Issue 3: Susanne Gaensheimer
1. You curated the German Pavilion at the Venice Biennale in 2011 and 2013. How did you intend to portray Germany?
Susanne Gaensheimer: The contributions at the Biennale should be political because the national pavilions are political places. Everything you do there is automatically political in some way or can be interpreted politically, at least. In 2011, with Christoph Schlingensief I was focussed on a radical German self-awareness; the question of how a German person perceives Germany. In 2013, I wanted to show Germany as a cosmopolitan, international country. That is why I chose Ai Weiwei, Romuald Karmakar, Santu Mofokeng und Dayanita Singh. All four have a strong presence in Germany and maintain close professional contacts to Germany.
2. Do your experiences at the Venice Biennale influence your current projects?
Susanne Gaensheimer: I have mostly the same approach to exhibtions, no matter where I curate. I deal intensely with the place and try to realise an exhibition that is relevant in some way for this particular place, for that specific context. I do this in the museum, I did that at the pavilion in Venice, and that is also my approach at the Triennal of Small- Scale Sculpture in Fellbach. Venice was a wonderful experience. I like to think back to those times, although the first time with the death of Christoph Schlingensief, of course, was a difficult situation. The media attention for the German Pavilion was intense. That has shaped me in the way I handle the media. My personal reaction was to withdraw a bit from the media.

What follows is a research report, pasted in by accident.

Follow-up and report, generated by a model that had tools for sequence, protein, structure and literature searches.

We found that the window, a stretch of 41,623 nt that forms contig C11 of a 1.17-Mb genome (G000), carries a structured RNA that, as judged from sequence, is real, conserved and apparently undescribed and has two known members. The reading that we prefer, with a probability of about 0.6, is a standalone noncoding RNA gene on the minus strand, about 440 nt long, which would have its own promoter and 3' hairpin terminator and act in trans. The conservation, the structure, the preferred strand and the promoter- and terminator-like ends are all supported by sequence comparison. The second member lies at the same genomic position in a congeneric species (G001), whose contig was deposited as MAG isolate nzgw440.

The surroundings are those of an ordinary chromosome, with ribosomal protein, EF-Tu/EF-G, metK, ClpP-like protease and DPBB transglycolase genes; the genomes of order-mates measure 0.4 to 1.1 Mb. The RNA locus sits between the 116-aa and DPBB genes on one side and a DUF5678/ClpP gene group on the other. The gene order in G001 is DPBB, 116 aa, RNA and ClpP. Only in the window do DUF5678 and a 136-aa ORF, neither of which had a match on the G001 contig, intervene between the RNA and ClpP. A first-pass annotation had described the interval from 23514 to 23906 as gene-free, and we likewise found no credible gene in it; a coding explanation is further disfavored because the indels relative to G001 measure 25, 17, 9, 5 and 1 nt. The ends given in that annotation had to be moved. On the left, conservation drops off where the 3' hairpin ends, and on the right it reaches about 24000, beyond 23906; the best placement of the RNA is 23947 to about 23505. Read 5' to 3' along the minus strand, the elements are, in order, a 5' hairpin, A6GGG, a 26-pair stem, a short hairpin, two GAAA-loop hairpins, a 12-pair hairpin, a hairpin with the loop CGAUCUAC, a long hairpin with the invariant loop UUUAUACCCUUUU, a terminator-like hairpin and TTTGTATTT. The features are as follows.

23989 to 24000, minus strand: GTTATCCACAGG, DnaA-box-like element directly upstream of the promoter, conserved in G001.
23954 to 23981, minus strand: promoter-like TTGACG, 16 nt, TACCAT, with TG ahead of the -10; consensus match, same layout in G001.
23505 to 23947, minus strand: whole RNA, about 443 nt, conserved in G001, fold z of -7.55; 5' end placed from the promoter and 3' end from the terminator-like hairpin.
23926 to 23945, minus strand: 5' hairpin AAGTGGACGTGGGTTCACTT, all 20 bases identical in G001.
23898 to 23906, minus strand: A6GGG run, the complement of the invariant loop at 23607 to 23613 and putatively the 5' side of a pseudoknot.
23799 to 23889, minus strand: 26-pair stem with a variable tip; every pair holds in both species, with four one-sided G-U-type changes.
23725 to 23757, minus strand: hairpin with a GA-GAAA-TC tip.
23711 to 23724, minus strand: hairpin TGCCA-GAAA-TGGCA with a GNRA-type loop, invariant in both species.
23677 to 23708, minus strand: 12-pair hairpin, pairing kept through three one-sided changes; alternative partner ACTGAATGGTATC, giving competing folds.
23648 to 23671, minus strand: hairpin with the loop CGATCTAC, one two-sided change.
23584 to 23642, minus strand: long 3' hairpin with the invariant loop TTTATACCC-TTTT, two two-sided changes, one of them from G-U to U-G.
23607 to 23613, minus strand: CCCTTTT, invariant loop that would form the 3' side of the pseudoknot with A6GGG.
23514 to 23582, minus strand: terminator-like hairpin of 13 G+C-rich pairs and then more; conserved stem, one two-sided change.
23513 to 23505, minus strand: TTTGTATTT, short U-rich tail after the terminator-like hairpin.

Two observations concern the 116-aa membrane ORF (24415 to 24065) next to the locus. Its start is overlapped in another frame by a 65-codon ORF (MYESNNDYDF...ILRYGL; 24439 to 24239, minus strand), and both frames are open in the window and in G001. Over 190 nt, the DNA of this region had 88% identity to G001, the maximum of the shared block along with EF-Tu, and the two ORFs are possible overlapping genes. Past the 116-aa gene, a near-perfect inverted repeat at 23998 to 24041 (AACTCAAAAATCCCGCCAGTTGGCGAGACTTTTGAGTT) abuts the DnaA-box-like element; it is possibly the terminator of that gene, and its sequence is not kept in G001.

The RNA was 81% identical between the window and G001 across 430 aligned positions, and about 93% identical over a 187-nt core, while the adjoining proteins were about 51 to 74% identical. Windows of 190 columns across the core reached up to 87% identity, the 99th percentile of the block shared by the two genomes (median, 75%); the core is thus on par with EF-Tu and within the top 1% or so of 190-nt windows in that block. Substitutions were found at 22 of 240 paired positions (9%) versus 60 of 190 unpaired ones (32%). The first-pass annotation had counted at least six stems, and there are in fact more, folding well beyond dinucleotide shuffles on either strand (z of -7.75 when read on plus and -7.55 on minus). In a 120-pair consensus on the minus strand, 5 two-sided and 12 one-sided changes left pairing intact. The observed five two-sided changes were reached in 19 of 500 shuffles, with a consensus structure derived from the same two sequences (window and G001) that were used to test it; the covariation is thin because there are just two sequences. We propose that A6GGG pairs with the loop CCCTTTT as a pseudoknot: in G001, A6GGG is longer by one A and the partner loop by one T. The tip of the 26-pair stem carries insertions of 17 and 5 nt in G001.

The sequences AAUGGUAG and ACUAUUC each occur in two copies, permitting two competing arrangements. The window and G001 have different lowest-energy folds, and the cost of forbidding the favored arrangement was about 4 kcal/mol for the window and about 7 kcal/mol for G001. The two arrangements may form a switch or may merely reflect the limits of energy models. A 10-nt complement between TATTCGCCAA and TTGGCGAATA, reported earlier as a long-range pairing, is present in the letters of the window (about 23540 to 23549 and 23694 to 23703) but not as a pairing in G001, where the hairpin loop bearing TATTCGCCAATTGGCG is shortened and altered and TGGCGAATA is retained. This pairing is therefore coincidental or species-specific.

3. What makes the "perfect" curator?
Susanne Gaensheimer: I would never say that there is the perfect type of curating. Each curator has a different approach. Any judgement about an exhibition is ultimately a matter of taste. My approach is to develop a vision for the place based on the work of art. This maxim is important to me. The curator also has the task of moderating both the works of art and the people involved the artists, the administration and the politicians. In 2011, when Christoph Schlingensief suddenly died, I tried, for example, to fill the pavilion with input and know-how from all those who had worked closely with him for decades.
3 1/2. After Gudrun Inboden, you were the second woman who curated the German contribution in Venice. In Venice 2017 the German Pavilion will be curated by Susanne Pfeffer. Are female curators on the rise? And do women have to be particularly stubborn?
Susanne Gaensheimer: If women today were still only on the rise in the art world then that would be an indictment of Germany. It is true that it is odd that women have so rarely curated the German Pavilion. This is striking and makes you think. But actually, I find it bad that it is a talking point at all even when a woman curates the German Pavilion. It is self-evident that a woman can do just as well as a man. That I am especially "stubborn" is something attributed to me by others. I myself would not call it obstinacy, but clarity. I always know exactly what I want, which means I can also represent and implement it. I am not one for despondency.